Commonly Confused Adjectives with Explanations

Many — Much

Although these two quantifiers sound similar, function in a similar manner and mean similar things, they cannot be used interchangeably. Use much with collective nouns and singular nouns. Use many with plural nouns. Here's an example.
Gerald doesn't have much money.
Chelsea doesn't have many friends.

Few — A Few


A few represents a positive quantity, but it can only be used with countable nouns. The word few represents a negative quantity or shortage. Here's an example.
Julian has a few friends.
Julian has few friends.

Little — A little


Like few and a few, the quantifiers little and a little represent negative and positive quantities. Always use a little with non-countable nouns. The word little expresses a diminutive size or a negative quantity. Here are a few examples.
The kitten is little.
Celeste had little interest in history.
There is a little sauce left.
Would you like a little more?

Each — Every


Use each with individual or separate items. Use the word every when referring to things in a group or describing the frequency of actions.
The pineapples are $2 each.
Each student received a handout.
Emily goes to the beach every weekend.

Wounded — Injured — Hurt


The words wounded, injured and hurt have subtle differences and unique connotations. Victims are injured financially, emotionally or physically. Wounded implies a physical injury or laceration. Hurt describes an experience of physical or emotional pain.
The child screamed louder than a wounded animal.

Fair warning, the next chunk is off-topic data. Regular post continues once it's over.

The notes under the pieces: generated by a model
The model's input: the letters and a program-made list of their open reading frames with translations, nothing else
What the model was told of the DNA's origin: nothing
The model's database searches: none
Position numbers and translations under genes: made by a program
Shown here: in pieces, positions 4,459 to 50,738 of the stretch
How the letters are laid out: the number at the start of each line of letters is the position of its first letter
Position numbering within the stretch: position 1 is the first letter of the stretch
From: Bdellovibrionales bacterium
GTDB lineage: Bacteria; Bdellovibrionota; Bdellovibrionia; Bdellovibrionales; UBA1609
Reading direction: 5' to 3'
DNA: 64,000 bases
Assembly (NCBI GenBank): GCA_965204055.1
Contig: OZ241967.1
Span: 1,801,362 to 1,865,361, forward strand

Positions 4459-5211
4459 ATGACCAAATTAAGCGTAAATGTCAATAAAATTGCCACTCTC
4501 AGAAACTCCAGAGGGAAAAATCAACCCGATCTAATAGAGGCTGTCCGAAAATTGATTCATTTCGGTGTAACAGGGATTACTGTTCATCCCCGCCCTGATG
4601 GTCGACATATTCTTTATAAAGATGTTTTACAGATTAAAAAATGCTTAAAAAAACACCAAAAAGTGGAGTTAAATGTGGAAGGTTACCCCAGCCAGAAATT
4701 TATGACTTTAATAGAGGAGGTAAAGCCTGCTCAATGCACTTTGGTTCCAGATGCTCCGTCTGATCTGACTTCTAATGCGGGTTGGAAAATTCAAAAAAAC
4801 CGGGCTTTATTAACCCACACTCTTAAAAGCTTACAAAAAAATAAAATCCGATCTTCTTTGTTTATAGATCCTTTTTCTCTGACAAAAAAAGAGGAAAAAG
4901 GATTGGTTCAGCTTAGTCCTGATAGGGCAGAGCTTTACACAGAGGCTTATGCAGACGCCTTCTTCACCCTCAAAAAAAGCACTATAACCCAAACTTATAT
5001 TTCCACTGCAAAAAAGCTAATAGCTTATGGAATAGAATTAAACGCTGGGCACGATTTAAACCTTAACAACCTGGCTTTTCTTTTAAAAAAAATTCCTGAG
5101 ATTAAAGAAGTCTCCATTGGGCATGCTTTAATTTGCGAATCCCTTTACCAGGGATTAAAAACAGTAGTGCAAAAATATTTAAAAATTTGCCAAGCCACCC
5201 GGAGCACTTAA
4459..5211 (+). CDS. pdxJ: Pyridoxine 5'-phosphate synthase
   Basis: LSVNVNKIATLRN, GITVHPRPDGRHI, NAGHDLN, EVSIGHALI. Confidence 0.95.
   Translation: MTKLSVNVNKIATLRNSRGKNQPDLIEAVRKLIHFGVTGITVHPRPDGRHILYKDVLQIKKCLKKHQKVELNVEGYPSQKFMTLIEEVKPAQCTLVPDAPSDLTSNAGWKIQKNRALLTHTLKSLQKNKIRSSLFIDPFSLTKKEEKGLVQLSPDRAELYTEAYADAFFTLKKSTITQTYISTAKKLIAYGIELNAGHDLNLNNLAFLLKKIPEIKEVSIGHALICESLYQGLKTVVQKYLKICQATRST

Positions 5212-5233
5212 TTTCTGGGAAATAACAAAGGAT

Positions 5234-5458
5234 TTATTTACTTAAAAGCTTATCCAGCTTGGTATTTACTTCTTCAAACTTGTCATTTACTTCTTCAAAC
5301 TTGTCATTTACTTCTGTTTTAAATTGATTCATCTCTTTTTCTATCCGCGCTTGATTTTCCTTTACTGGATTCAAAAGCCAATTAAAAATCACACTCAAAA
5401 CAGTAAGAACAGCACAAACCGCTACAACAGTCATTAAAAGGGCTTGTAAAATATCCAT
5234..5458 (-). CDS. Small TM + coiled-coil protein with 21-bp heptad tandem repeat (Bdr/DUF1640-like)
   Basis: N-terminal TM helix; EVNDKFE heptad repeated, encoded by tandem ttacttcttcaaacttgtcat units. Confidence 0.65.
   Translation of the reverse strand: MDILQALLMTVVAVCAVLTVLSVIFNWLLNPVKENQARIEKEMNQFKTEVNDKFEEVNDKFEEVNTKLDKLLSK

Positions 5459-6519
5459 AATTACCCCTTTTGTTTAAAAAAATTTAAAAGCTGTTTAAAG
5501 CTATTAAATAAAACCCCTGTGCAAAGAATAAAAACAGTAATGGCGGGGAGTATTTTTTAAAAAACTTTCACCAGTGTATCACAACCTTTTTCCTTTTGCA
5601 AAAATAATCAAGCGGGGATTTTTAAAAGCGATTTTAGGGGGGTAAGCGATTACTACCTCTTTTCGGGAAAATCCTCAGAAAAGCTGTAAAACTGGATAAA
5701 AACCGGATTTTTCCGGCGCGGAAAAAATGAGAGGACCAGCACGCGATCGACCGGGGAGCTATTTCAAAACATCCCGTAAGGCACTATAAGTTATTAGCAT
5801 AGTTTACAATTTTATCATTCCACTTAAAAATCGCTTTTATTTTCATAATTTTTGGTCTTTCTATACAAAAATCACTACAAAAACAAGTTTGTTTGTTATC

The injured player was carried off the field.
Buster's owner was relieved that the small dog wasn't hurt.

Farther — Further


Farther (root word far) is always used for distance, and further (think furthermore) implies a metaphorical advancement. Here are a few examples.
How much farther is the amusement park?
Further topics will be covered next week.

Less — Fewer


Less is compatible with non-countable nouns, collective nouns, volumes and bulk amounts. Fewer is used with countable nouns and individual items. Here are several examples.
Less pollution is better for the environment.
If people threw out fewer bottles, the world would be cleaner.

Last — Latter — Latest


Last is the opposite of first, the latter is the antithesis of the former and the latest means the most recent. Here are several examples.
Read the first and last paragraphs today.
Of the two choices, I prefer the latter.
The latest innovations were astounding.

High — Tall


Tall is an adjective that measures the size or height of vertical items, such as people and buildings. High is used to define an object's position from the ground, including bridges, planes, shelves and horizontal objects. Here are two examples.
The Statue of Liberty is very tall.
The Golden Gate Bridge is exceptionally high.

Sick — Ill


Sick is related to a sickness or physical condition affecting an individual or group. Ill can mean bad, poor, unwell or sick.
After the roller coaster ride, Charles felt sick.
The expedition was ill advised.


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